Jason Kidd will turn 33 next month and there is talk that he has lost a step or that he has suddenly gotten old. But even if he has--and his teammates are adamant that he hasn't--there is little historical data to suggest that even aged point guards are a liability.
In fact, a majority of championship contenders over the past decade have had a point guard over the age of 30. And Jason Kidd is not just any point guard. As Dave D'Alessandro suggested in his blog not long ago, Kidd is one of the six best point guards in NBA history, right up there with Hall of Famers like Magic Johnson, John Stockton and Bob Cousy. He is not likely to fade away. After all, Stockton started 442 consecutive games after the age of 34--and knee surgery--and went to the finals at both 35 and 36. Kidd has started 126 consecutive games after the age of 31--and knee surgery and went to the finals at both 29 and 30.
Here's the data:
--Fifteen NBA champions since 1960, one out of every three, had starting point guards over the age of 30, including several who have wound up with multiple rings.
Bob Cousy won four rings, at 32, 33, 34, and 35 all with the Celtics.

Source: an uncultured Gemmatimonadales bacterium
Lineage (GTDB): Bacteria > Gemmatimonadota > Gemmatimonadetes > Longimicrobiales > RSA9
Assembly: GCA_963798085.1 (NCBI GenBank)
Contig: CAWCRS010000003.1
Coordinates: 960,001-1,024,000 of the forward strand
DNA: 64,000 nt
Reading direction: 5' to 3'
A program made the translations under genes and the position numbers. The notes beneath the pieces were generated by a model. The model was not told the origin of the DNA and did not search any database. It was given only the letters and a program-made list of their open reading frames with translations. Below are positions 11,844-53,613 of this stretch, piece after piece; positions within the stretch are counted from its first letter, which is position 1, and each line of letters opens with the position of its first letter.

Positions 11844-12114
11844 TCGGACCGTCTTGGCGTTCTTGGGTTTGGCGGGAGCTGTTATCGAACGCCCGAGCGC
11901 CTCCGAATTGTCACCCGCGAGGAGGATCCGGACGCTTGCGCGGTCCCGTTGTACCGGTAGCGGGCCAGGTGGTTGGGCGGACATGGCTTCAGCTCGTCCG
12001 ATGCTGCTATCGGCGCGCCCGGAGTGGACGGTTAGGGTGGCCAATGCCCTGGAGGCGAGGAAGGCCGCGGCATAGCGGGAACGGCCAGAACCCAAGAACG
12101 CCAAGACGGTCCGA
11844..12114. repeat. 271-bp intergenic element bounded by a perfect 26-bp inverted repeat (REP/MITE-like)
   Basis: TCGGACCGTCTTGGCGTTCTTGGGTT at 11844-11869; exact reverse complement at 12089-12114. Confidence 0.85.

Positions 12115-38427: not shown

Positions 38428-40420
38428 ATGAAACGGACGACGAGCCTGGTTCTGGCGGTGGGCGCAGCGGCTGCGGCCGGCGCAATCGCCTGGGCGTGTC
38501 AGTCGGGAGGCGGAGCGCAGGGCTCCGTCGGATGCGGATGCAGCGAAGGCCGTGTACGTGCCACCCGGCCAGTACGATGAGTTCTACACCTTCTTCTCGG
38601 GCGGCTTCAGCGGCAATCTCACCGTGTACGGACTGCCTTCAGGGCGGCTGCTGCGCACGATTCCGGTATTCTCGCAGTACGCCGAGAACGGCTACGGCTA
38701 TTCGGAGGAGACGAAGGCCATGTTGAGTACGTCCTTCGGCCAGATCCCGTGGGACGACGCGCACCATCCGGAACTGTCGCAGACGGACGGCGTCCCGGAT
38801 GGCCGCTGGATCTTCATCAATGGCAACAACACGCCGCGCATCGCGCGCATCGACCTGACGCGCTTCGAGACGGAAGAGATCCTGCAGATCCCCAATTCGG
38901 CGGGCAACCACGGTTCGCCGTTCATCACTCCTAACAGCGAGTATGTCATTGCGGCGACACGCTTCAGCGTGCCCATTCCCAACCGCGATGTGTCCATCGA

Ron Harper won four rings, at 32, 33, 34, and 36 with the Bulls and Lakers.
Avery Johnson won a ring at 34 with the Spurs.
Kenny Smith won a ring at 30 with the Rockets.
Dennis Johnson won a ring at 32 with the Celtics.
Nate Archibald won a ring at 32 with the Celtics.
Jerry West won a ring at 33 with the Lakers.
Oscar Robertson won a ring at 32 with the Bucks.
Hal Greer won a ring at 32 with the Sixers.
In fact, the three teams generally conceded to the best of all time: the 1966-67 Sixers, the 1971-72 Lakers, and the 1995-96 Bulls all started 30+ point guards...Greer, West and Harper respectively.
Moreover, starting point guards in the NBA Finals are often 30+. Nine of the 20 starting point guards in the NBA over the past decade have been 30+ and five have been older 34 or older.
It's a long haul, but often it ends with a ring as well as a retirement gift.